Biofuel vs. bears... one of them is a proven winner 

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I try. Lord knows I try. Every summer I try to step lightly around the goings on at muni hall. It's a good season to mostly ignore what's happening in town and, truth be told, not a half-bad season to simply get out of Dodge. Summertime's the time for easy living and it's certainly not my desire to fuel anyone's summertime blues. Hence, cute dog and cat stories and Tales from the Cariboo.

But in what will certainly be a pointless effort to keep Tiny Town's decision makers from doing something decision makers seem to relish — throwing good money after bad — an overarching sense of civic duty compels me to do what frequent readers know I loathe doing: offering sound, albeit unconventional advice.

And yes, I've offered much of this advice previously. In fact, it was one of the key planks in the mayoral campaign I abandoned nearly two years ago when someone qualified finally decided to run for the office.

And no, I'm not simply being lazy and rehashing an old column. I like to think of it more as the kind of dogged determination shown by Henry Ford's workers when they first approached the old anti-Semite with their desire for a 40-hour work week. Henry, being the warm-hearted human he was, unleashed the dogs of the Pinkerton detective(sic) agency on them and busted heads. But confident in the reasonableness of their request, the workers eventually prevailed. There's a lesson here, you workerbees. The union makes you strong.

But I digress.

The muni wants to study the possibility of converting the ultimate product of the municipal composter from "nutrient-rich topsoil," their words, into biofuel. The pro-forma cost of this conversion — pro-forma being Latin for wild-ass guess, usually several whole-number multiples less than the final cost — is $1.7 million.

The composter, which cost — are you sitting down? — $13.7 million and costs each and every Whistler tax payer $102 per year to operate, net of revenue generation, takes commercial and residential food waste, a.k.a. garbage, and mixes it with wood chips and the biosolids created after the sewage treatment plant gets done processing everything everyone flushes down Whistler's toilets. No wonder they call them biosolids.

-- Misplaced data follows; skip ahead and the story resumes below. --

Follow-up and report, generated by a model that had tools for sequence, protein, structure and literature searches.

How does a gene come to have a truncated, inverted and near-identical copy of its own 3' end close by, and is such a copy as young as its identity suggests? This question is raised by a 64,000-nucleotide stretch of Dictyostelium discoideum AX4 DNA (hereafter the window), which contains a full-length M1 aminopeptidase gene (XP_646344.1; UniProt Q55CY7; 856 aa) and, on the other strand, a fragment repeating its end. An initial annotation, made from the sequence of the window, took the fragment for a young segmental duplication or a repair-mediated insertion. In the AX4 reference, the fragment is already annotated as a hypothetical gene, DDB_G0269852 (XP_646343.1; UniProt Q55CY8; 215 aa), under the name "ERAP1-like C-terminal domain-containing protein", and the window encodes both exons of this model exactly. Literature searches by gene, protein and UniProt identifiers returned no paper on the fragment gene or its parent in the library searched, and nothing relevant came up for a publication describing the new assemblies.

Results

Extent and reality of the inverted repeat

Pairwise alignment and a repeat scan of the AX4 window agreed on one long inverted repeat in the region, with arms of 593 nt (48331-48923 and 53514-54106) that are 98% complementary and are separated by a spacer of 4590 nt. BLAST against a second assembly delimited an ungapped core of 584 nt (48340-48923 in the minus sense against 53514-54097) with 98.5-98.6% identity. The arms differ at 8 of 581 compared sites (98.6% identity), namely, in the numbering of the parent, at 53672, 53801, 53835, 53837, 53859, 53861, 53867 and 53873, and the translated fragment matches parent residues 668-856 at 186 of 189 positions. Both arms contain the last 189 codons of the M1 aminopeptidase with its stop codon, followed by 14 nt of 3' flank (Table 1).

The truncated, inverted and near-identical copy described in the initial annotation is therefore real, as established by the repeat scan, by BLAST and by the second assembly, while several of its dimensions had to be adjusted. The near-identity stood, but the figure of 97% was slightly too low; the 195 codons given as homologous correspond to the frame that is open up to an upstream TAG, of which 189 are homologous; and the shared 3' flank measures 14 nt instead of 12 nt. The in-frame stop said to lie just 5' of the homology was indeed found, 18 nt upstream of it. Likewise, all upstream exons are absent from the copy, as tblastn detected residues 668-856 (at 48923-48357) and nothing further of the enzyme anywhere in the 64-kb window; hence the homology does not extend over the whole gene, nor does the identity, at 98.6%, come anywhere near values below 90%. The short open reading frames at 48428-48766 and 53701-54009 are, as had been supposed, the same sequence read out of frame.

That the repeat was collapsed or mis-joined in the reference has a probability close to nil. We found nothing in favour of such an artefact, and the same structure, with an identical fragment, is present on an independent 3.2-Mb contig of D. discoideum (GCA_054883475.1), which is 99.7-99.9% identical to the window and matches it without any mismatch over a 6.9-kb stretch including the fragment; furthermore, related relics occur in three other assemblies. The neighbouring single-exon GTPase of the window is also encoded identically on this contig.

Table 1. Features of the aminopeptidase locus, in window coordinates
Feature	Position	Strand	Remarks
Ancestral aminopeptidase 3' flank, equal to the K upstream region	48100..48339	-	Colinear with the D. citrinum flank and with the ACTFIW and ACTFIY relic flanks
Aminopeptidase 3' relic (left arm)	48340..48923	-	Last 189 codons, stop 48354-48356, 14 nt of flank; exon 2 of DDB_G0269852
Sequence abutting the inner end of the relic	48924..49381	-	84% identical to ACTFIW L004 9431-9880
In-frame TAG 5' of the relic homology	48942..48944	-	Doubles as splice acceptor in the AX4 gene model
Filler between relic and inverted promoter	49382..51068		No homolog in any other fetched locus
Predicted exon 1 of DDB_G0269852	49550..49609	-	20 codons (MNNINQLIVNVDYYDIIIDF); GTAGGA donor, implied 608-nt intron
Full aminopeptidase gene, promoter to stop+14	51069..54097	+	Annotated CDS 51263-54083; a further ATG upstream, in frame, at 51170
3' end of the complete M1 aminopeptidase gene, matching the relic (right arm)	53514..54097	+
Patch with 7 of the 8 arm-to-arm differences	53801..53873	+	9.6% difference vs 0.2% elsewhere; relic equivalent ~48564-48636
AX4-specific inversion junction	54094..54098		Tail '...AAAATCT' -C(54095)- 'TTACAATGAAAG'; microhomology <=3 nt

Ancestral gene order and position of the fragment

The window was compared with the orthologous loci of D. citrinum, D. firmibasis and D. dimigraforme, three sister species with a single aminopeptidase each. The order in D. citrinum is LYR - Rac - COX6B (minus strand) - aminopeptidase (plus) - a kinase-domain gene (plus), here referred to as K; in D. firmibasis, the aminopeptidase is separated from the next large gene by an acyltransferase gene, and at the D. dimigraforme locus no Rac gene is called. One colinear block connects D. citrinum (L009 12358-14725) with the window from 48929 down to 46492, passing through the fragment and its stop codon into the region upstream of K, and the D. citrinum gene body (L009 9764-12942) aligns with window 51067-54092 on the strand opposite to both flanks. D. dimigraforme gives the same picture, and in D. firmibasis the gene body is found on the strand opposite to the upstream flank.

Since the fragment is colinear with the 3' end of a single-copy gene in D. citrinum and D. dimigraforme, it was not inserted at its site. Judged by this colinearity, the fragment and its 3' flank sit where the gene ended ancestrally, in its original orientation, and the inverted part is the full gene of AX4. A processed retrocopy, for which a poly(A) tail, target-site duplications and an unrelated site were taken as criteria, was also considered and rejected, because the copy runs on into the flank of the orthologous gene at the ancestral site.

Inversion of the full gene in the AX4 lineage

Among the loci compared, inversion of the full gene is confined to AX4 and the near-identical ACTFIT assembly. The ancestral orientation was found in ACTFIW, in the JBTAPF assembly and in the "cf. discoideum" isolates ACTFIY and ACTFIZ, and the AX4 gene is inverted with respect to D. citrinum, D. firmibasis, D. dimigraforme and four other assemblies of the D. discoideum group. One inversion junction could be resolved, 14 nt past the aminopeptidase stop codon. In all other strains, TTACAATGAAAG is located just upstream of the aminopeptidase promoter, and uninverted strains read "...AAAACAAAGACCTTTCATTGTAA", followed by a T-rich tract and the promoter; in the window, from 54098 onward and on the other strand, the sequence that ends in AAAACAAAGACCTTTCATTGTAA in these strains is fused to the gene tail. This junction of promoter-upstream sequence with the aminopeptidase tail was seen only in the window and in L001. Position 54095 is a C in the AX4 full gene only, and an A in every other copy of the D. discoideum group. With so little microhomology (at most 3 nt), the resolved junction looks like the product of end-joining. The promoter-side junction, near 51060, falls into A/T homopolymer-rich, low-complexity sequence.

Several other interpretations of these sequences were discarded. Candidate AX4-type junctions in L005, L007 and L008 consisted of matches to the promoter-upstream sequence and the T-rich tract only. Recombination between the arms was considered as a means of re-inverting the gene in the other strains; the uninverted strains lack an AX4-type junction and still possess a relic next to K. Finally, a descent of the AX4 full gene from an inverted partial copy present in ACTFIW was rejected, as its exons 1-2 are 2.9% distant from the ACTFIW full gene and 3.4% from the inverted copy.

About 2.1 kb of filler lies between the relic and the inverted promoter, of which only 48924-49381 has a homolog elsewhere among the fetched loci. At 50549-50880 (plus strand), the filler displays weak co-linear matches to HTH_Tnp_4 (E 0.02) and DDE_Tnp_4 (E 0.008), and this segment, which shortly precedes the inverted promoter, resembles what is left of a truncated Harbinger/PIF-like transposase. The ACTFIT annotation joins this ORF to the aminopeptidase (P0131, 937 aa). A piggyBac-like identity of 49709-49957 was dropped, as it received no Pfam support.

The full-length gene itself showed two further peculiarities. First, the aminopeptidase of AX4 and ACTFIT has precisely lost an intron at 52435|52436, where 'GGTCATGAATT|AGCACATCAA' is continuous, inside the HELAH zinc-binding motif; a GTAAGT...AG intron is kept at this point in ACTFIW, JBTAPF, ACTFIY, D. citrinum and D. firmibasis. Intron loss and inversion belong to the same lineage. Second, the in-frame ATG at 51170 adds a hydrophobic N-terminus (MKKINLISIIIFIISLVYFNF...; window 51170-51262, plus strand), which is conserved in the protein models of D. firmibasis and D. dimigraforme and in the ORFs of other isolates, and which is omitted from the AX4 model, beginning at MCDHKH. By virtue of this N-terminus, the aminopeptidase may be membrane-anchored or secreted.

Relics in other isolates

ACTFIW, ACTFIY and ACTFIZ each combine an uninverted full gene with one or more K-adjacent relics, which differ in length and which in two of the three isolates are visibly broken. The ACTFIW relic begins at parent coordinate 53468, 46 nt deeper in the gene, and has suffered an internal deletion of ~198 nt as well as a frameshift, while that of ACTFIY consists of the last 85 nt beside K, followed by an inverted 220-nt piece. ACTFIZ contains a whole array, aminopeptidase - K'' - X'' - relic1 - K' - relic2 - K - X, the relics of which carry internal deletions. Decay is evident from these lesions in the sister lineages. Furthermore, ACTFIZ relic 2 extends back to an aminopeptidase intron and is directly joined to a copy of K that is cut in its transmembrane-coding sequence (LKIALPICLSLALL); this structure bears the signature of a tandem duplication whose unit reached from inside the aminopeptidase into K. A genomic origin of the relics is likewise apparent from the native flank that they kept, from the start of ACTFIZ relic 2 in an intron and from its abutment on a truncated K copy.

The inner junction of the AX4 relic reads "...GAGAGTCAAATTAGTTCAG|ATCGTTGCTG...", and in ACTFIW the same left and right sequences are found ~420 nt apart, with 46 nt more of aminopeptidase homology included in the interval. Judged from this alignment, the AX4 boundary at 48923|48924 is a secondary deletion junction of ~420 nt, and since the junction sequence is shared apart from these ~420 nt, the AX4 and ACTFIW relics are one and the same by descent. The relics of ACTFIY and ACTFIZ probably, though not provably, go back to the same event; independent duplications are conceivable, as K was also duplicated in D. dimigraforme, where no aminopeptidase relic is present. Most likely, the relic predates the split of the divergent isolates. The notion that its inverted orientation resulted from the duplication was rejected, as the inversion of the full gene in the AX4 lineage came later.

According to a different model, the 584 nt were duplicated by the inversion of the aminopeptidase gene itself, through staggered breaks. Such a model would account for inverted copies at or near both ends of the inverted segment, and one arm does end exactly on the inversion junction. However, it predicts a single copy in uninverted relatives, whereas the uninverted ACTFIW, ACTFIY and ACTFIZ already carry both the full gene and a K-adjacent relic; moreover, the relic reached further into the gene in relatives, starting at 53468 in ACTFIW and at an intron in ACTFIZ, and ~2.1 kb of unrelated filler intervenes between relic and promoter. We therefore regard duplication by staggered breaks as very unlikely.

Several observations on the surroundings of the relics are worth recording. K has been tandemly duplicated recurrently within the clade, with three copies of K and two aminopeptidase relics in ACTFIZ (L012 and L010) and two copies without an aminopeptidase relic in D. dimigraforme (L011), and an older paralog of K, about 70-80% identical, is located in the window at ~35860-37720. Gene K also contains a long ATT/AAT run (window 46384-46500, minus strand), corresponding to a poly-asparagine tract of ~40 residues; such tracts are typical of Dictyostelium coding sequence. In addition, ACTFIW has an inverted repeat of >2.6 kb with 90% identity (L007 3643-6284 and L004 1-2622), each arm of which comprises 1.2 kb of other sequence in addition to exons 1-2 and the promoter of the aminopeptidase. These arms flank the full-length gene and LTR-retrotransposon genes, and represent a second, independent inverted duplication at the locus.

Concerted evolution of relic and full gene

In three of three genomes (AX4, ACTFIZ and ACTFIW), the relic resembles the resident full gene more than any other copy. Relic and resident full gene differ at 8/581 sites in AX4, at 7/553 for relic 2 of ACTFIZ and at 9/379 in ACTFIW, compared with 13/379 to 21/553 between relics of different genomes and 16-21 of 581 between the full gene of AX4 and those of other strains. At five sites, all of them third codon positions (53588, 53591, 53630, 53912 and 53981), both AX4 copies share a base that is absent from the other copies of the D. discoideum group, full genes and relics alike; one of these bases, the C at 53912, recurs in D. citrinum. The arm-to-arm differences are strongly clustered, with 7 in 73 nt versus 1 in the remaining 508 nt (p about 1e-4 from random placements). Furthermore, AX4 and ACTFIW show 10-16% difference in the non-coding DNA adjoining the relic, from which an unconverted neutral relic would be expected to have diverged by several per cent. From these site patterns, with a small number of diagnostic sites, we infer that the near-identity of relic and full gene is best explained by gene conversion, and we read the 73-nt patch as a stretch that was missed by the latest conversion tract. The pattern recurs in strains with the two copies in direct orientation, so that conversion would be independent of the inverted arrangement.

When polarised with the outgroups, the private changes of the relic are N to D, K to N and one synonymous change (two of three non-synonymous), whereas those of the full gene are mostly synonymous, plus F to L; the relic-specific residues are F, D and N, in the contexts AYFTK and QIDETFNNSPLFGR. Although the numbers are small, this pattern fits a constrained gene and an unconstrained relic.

The plan to create biofuel would divert the garbage from the recipe for nutrient-rich topsoil, leaving wood chips and peoplepoo, which was more or less the recipe the treatment plant used to follow to make a nutrient-rich soil amendment that made things grow like stink and made your yard smell like an outhouse for about a week after you spread it around. An acceptable tradeoff, especially if you suffer allergies that render your nose inoperative and/or you want to piss your neighbours off when they plan a garden party for the day after you amend your soil. Don't ask me how I know.

It is hoped, the biofuel could be sold to a cement company in the lower mainland. I don't know exactly what they intend to do with it and I'm not certain I want to know. Regardless, the penultimate goal of this idea is to generate both biofuel and more income than the composter is making selling nutrient-rich topsoil.

I really don't want to get into the competing, private enterprise composter proposal, the objections "organic" growers have to nutrient-rich topsoil "contaminated" with whatever gets flushed down toilets or the cosmic question of whether or not a municipal government ought to be in the alternative fuel business. Like I said in the first paragraph, it's summer; we all need a break.

The ultimate goal of this idea, which ironically was the ultimate goal of the composter in the first place, is the holy grail of creating zero waste or at least reducing Whistler's garbage.

I still think I have a better idea.

Bears. Whistler bears.



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